Apple has announced that its App Store prevented over $2 billion in potentially fraudulent transactions last year. It rejected nearly 1.7 million app submissions in 2022 for failing to meet the App Store’s standards for privacy and security.
The App Store attracts over 650 million average weekly visitors worldwide, while providing more than 36 million registered Apple developers with a global distribution platform that supports more than 195 local payment methods and 44 currencies. The Cupertino-headquartered company has said that it has rooted out 428,000 developer accounts and 282 million customer accounts for fraud and abuse last year.
Further, last year, Apple blocked nearly “3.9 million stolen credit cards from being used to make fraudulent purchases, and banned 714,000 accounts from transacting again”.
The announcement comes at a time when there is a push to open up iPhones and iPads to third-party app stores. Last year, the European Union passed the Digital Markets Act that will go into effect in 2024, forcing companies to allow alternative app stores on their platforms. But installing an app on a phone or tablet without using the device’s official App Store may expose users to security risks.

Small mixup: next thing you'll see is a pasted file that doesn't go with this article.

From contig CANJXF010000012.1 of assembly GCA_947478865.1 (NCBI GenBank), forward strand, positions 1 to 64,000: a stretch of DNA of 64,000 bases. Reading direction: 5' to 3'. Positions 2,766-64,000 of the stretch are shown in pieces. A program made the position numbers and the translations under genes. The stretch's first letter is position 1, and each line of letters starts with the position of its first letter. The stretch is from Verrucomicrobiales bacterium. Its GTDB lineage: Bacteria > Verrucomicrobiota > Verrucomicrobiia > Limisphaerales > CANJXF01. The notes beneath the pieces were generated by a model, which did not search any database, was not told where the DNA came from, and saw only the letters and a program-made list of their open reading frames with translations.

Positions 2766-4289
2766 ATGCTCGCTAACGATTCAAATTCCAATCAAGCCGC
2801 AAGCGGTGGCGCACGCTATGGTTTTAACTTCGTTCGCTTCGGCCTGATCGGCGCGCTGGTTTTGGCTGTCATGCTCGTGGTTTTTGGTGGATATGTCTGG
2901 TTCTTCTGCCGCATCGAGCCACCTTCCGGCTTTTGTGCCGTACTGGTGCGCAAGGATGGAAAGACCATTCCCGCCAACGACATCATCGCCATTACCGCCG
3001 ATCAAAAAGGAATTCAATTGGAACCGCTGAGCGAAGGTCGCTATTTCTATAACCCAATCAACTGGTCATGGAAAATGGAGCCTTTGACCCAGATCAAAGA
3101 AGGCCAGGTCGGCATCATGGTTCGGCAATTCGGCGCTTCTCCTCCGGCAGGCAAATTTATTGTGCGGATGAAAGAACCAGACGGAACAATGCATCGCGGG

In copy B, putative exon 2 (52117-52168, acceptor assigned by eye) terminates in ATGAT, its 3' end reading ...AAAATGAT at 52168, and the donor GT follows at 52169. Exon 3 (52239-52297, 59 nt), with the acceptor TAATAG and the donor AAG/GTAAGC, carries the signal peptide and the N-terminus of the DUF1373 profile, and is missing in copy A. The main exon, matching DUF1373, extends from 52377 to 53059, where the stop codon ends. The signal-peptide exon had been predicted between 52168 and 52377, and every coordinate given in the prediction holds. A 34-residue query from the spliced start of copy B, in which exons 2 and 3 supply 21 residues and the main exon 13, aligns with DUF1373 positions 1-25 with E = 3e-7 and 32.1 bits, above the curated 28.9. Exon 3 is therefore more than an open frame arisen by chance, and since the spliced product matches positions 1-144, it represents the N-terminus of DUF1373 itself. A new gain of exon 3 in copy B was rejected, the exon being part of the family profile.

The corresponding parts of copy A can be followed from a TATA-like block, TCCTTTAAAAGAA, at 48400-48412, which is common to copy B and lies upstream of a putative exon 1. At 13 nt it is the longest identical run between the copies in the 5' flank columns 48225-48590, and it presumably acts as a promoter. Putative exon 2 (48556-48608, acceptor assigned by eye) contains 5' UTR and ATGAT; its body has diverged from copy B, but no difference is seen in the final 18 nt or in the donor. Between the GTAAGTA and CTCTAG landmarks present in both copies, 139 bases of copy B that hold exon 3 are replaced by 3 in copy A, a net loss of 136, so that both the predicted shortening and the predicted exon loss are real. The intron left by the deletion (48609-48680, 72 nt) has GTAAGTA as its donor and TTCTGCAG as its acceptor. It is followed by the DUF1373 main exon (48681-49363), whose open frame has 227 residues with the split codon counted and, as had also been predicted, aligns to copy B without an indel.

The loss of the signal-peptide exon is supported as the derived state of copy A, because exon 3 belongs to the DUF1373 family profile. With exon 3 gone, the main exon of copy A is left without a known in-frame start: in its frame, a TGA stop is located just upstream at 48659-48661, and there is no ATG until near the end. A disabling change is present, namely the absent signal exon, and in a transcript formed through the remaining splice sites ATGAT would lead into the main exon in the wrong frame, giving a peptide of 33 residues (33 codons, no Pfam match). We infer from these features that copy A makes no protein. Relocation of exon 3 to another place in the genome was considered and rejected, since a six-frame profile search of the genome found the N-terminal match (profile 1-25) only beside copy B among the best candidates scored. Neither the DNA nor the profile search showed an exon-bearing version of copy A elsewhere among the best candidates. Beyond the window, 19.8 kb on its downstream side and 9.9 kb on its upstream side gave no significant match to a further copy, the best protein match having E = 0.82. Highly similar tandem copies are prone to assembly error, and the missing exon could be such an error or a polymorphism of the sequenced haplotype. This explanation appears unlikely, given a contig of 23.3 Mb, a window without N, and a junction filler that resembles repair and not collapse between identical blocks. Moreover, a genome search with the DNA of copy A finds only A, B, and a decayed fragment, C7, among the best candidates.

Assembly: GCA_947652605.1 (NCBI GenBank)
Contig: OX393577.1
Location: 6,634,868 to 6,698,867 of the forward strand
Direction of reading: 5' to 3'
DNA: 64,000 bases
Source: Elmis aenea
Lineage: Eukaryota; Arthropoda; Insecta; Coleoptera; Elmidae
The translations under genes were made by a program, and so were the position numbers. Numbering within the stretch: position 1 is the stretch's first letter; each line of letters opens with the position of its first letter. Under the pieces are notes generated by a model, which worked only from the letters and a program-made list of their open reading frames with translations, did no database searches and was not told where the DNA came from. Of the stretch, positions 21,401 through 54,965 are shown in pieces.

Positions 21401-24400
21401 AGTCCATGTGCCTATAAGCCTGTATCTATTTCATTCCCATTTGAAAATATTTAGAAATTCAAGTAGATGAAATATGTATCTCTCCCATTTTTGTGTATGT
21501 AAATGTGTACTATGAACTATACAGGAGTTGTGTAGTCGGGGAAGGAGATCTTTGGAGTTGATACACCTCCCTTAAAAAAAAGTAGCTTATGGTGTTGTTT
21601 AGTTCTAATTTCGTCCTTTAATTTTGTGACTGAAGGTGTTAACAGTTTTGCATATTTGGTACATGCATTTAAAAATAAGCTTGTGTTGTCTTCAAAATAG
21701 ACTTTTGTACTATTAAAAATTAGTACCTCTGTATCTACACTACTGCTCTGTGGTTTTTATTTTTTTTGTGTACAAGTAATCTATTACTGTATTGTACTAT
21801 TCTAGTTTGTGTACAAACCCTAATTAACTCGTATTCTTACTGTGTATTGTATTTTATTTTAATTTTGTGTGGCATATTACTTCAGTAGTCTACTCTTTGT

Besides concerns related to fraud, privacy and usage of malicious code, there are other reasons an app can be rejected for fraud. “For example, over 153,000 app submissions rejected from the App Store last year were found to be spam, copycats, or misleading, and nearly 29,000 submissions were rejected for containing hidden or undocumented features. Sometimes apps try to obtain users’ personal data without their knowledge or consent. In 2022, upward of 400,000 app submissions were rejected for privacy violations,” the company said.